It is widely regarded as the biggest FA Cup giantkilling of all time and is still proving to be an inspiration over four decades later.

A historic cup tie between a non-league club and one of English football’s giants.

A game that launched the career of legendary Match of the Day commentator John Motson no less.

A bog of a pitch, a boistourous home crowd and a whole host of pitch invaders, decked out in parka jackets, with black and white scraves tied tightly around their wrists, all provided the backdrop to one of the most memorable upsets in the competition’s proud history.

Motson’s famous commentary begins with “Tudor’s gone down for Newcastle….”

A line that has left generations of Geordies with an uncomfortable sense of dejavu. What followed has been shown year after year, used as a source of inspiration for non-league clubs looking to write their names into FA Cup history.Motson

‘Motty’ continues “Radford again…..oh what a goal….WHAT A GOAL!

Radford the scorer, Ronnie Radford!”

Ronnie Radford hit a twenty five yard rocket that flew past Newcastle United goalkeeper Willie McFaul and put non-league Hereford United on even terms with their First Division opponents Newcastle United, after the Magpies took the lead through one of the iconic figures of football in the 1970s, Malcolm MacDonald.

Pandomonium followed and soon, it was to be replicated.

Two minutes before half time in extra time, Bulls substitute Ricky George fired an angled drive past McFaul to send his side into the fourth round of the FA Cup.

The Bulls player-manager that day was Colin Addison (pictured left) and on the forty fourth anniversary of the win he recalls what he called “special times”

He said “I have just come back from Edgar Street and it has been an emotional day, just as it was back then.

Everyone, no matter if it is in Hereford or at West Brom, where I still go, they always talk about that game if you bring up the name Hereford. They were special times and we had a great bunch of lads, we really did.  

Some aren’t around any more but we still keep in touch and that means alot because what we did that day, it was brilliant for everyone involved” 

AddisonCurrent Bulls chairman Jon Hale revealed that the upset is being used as a source of inspiration with the club looking to reach Wembley in the FA Vase.

Hereford United may be no more, but now Hereford FC are a phoenix on their way back and Wembley is in their sights.

On Saturday they face the first match of a two leg semi final against Salisbury, looking to seal safe passage through to the final of the competition and Hale admitted that the current Edgar Street heroes can find inspiration in having the chance to follow in the footsteps of the likes of Radford (pictured below right) and George.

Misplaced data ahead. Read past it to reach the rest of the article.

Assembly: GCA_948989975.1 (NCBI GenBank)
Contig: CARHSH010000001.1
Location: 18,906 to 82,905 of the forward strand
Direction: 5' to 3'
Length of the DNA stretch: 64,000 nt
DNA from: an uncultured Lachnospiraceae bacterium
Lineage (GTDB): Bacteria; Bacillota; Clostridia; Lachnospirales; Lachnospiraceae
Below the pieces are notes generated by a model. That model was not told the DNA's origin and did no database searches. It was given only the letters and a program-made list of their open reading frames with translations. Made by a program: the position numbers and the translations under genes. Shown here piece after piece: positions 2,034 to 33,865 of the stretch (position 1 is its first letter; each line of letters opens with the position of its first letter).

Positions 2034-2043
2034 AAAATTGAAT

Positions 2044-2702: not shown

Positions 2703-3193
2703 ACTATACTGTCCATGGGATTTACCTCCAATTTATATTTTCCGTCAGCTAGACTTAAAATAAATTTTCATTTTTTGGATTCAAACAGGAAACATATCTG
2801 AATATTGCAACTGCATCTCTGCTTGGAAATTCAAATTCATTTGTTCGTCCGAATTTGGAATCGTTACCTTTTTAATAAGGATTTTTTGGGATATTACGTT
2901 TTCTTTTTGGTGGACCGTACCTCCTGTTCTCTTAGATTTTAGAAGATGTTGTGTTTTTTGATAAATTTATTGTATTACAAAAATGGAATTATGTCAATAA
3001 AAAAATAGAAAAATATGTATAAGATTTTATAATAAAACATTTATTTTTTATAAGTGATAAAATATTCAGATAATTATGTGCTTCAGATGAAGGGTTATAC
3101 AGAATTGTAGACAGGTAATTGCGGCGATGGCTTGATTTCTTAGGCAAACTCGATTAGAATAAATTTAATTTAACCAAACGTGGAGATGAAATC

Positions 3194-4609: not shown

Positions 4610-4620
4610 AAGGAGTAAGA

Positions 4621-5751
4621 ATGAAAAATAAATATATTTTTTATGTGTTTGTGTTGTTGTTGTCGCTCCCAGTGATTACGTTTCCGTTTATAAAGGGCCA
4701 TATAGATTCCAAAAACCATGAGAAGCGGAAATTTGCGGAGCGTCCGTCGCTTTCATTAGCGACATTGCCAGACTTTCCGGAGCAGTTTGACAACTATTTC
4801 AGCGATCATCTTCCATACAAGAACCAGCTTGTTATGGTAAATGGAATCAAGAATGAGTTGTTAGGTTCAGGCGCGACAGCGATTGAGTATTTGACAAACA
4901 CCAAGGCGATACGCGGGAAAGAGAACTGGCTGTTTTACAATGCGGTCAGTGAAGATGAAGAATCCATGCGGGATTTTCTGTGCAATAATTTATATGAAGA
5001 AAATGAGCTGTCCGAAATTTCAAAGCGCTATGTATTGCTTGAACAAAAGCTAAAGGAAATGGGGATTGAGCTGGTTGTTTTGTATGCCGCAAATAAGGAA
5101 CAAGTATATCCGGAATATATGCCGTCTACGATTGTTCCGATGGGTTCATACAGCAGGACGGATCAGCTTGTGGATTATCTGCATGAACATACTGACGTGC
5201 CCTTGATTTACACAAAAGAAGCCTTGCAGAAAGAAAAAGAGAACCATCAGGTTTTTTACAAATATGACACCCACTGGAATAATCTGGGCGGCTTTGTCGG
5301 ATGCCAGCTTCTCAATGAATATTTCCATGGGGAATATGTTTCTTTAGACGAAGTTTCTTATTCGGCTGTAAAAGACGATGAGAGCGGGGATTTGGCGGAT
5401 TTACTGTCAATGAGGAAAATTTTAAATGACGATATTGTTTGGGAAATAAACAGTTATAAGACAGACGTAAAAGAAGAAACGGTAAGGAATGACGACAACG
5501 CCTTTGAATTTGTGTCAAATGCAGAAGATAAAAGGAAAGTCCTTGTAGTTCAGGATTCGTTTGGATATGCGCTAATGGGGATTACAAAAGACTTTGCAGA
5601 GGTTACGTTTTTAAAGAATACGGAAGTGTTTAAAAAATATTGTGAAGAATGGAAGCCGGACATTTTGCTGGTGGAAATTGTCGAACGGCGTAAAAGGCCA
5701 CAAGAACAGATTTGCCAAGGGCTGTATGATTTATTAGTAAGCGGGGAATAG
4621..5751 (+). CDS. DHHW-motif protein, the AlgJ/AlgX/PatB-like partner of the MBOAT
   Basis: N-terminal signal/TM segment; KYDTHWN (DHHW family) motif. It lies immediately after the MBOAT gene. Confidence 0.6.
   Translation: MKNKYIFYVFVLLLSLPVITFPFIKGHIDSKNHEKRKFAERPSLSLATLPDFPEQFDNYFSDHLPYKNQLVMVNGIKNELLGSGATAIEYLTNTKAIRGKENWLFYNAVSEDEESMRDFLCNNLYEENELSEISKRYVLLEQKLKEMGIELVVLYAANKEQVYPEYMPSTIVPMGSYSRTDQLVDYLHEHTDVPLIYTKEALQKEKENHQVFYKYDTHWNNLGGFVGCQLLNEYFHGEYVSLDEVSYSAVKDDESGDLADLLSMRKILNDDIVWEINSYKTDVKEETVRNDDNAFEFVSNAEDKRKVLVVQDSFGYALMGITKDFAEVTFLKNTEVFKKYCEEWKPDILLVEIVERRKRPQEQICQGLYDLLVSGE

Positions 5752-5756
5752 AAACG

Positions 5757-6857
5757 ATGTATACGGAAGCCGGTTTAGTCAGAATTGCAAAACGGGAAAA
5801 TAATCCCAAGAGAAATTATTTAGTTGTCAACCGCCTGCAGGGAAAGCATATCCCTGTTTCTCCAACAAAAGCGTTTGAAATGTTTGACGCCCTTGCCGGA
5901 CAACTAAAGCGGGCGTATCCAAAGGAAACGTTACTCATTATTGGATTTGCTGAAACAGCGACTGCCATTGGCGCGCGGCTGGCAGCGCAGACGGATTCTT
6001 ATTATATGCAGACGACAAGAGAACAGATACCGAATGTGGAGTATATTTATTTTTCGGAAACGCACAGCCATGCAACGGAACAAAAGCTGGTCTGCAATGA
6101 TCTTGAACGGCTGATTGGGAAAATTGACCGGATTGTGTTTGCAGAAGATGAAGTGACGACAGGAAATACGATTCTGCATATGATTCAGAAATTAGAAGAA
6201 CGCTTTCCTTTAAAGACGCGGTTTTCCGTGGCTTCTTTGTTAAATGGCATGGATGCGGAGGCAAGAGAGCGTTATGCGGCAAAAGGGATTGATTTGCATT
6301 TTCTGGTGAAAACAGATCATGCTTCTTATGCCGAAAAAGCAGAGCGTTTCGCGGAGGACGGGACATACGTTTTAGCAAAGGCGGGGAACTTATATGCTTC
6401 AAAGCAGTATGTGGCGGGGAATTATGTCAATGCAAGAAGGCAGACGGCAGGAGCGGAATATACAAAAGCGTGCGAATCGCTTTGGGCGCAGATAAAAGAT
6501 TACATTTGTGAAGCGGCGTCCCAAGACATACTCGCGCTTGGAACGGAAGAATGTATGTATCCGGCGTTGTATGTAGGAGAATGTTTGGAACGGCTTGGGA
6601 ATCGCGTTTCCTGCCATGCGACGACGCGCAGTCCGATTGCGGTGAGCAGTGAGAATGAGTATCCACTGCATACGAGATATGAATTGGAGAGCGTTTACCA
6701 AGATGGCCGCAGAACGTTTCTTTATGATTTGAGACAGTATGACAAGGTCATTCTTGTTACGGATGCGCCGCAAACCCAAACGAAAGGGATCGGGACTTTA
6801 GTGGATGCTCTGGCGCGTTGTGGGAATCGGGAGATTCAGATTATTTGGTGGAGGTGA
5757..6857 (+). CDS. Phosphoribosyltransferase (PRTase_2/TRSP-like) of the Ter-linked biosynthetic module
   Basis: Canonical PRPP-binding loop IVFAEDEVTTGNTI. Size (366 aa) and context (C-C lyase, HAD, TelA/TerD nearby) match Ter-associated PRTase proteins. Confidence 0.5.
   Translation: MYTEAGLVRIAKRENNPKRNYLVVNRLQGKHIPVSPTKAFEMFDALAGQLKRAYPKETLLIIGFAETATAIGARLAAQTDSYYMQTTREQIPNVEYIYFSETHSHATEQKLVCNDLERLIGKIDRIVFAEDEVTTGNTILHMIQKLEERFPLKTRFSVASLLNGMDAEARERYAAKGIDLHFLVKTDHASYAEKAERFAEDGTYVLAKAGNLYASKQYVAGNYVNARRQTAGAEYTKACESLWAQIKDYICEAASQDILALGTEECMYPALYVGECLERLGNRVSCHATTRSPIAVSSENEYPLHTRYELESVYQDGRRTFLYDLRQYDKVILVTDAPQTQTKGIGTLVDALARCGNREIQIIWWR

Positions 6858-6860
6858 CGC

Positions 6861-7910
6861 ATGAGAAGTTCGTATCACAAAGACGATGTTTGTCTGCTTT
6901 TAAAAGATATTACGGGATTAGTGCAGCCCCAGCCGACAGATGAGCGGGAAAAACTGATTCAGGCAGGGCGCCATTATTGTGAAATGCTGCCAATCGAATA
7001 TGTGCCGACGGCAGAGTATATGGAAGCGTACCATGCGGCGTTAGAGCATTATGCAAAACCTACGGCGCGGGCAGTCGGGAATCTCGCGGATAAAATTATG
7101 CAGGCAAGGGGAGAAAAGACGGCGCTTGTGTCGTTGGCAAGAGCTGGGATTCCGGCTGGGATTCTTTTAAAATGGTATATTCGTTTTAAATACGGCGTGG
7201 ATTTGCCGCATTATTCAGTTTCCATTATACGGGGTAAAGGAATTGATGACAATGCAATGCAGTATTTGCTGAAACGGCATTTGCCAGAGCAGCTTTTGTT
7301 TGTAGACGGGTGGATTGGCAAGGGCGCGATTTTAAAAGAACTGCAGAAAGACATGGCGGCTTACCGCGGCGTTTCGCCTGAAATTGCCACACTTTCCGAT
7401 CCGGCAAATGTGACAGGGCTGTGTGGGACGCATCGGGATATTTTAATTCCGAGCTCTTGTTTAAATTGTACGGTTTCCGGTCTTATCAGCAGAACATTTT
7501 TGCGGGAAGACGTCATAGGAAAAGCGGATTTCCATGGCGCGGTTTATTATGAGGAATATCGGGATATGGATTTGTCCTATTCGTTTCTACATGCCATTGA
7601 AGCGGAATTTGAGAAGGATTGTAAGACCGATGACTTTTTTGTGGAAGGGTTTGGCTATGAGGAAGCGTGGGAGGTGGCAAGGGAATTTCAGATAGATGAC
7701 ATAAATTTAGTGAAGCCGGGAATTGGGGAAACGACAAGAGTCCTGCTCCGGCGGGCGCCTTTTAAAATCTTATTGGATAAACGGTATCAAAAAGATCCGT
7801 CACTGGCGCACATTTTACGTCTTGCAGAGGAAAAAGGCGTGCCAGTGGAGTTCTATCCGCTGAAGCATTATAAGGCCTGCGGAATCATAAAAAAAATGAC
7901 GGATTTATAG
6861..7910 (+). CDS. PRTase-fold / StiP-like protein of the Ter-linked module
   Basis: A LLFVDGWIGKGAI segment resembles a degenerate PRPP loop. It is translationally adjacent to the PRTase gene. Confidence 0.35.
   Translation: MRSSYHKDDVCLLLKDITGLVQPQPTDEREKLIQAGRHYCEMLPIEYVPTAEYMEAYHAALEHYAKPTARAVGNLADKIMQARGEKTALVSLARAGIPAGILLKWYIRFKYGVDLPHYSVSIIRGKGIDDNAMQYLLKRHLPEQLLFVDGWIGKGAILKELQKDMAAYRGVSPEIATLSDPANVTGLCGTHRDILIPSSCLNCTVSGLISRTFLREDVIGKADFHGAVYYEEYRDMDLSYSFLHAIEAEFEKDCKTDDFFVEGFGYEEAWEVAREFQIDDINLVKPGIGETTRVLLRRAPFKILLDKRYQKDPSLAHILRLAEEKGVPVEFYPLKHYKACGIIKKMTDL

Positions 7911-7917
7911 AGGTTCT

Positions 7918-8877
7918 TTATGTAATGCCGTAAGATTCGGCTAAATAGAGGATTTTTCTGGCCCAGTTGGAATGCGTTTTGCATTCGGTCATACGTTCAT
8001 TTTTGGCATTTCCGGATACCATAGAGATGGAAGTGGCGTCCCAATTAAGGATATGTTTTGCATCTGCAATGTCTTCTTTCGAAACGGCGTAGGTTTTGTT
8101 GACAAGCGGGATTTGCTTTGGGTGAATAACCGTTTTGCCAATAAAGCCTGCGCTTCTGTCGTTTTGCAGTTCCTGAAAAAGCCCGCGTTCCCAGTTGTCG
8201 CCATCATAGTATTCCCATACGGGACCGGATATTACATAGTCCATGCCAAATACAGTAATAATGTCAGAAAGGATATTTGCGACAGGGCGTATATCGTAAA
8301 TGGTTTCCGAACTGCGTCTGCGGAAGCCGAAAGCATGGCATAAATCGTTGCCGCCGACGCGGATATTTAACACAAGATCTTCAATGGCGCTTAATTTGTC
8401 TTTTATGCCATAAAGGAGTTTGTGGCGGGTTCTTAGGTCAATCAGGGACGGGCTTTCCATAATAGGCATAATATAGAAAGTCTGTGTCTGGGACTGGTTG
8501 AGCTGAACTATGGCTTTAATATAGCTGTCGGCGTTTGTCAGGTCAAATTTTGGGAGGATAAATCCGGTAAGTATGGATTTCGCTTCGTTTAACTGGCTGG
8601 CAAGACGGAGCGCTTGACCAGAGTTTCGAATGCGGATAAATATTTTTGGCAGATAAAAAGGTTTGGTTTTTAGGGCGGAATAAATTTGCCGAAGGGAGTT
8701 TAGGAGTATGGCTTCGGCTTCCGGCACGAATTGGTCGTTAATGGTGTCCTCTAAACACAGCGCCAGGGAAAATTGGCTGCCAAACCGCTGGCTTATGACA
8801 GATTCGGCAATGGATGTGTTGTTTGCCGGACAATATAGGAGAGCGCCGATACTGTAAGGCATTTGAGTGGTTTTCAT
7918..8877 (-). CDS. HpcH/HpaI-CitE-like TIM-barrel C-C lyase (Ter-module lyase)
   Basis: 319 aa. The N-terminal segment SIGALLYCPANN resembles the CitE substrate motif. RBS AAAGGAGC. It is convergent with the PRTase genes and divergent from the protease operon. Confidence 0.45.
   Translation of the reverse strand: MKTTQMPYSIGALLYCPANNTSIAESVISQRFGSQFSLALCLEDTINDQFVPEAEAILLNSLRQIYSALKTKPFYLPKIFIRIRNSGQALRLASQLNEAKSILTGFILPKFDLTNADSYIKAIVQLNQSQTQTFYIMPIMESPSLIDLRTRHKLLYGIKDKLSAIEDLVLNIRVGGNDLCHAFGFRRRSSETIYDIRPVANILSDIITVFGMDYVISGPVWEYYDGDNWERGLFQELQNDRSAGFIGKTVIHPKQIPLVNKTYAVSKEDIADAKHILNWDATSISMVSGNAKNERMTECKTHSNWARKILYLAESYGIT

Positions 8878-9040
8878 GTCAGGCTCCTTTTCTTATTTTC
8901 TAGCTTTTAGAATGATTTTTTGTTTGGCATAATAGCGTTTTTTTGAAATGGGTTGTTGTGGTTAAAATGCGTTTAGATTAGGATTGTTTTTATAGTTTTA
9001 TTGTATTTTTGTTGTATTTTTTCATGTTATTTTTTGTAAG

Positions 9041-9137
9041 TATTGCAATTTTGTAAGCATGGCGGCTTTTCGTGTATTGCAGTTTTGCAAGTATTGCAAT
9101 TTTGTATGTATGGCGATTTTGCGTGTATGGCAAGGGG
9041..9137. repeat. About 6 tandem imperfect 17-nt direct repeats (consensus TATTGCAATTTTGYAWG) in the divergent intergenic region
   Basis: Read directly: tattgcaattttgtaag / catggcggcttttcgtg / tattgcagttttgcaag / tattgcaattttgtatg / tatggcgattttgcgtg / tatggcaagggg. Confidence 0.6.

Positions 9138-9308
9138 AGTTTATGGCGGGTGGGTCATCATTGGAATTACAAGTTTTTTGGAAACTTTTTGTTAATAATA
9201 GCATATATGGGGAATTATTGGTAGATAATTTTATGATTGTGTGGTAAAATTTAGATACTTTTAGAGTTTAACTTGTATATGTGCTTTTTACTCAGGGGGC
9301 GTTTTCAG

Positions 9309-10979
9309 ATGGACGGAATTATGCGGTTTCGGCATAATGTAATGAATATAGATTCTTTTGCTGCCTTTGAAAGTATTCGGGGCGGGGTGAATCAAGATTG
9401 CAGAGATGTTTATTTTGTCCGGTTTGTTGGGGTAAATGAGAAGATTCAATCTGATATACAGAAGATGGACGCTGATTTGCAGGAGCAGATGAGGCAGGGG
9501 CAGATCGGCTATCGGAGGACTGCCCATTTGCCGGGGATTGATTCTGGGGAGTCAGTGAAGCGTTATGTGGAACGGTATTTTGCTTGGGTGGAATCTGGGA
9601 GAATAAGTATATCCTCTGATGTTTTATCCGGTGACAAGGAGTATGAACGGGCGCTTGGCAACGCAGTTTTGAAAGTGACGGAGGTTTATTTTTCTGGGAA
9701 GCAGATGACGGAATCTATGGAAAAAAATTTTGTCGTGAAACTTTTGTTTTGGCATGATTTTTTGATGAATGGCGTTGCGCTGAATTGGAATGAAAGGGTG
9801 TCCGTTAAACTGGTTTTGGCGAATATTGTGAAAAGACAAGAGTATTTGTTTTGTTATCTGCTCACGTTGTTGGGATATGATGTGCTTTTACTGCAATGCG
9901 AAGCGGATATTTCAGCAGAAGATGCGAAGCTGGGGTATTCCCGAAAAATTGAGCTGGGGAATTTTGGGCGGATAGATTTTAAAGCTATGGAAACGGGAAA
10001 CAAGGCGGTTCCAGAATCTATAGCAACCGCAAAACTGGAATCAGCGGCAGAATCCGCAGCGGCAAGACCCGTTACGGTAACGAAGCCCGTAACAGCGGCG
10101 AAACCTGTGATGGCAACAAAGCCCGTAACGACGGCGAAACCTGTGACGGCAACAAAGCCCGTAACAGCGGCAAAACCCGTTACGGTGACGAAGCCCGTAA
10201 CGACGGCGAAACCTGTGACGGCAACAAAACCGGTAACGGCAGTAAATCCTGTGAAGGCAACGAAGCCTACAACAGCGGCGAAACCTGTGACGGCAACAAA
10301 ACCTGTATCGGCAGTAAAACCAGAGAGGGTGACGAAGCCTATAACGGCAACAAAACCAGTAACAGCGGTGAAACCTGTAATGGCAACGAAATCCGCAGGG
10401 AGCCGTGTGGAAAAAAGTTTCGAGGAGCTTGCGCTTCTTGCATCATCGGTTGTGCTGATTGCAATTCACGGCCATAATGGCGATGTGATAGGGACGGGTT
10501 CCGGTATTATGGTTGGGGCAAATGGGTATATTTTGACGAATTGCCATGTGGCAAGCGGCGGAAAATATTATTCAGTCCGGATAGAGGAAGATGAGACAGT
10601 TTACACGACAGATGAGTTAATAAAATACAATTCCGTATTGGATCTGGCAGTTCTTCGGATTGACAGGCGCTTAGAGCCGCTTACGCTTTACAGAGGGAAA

“It is forty four years since that day but it is a massive part of our club and it will always be that way. We still find inspiration in it and in all honesty, we always will.

We may have a slightly different name now but in essence, this club is still Hereford United. That game, those goals, that euphoria put us on the map and we built ourselves a good reputation in league and cup football.

We had other upsets and it set the footprint for the club to go forward.

What that team did was huge and they will always be welcome at Edgar Street. We have a great affinity with that team, with those people involved and I hope they will inspire us to Wembley and to make the first step to get this club back up the Football pyramid” 

Now technically a phoenix club, Hereford FC were reborn in January 2015, with Hale named as the club’s first chairman.

A lifelong Hereford United fan, Hale revealed the significance of the win over Joe Harvey’s Magpies for, not only the football club, but for Hereford as a town.

“I started going to games in the early 1980s and by then we were a decade on from the Newcastle game but it was still the talk of the town.

My Dad is no longer with us but he loved talking about the game, his eyes would light up at its mention and I loved listening to him telling me about it. I am sure I am not the only supporter who had that experience growing up.

It had put the club on the football map and had helped us get into the Football League. It was a huge event for the football club, for the supporters and for the town”

The final word goes to Addison, still a regular visitor to Edgar Street, as he left the modern day Bulls with one message as they look to make a historic trip to Wembley in the Vase.

He said “Just keep doing what they are doing because they are doing some fantastic things for this club.  At any level twenty five games won in a row is brilliant, absolutely brilliant and I know they can get to Wembley and carry on doing this club proud, just like we did in ’72”

Interview: Mark Carruthers
Images: Colin Addison /

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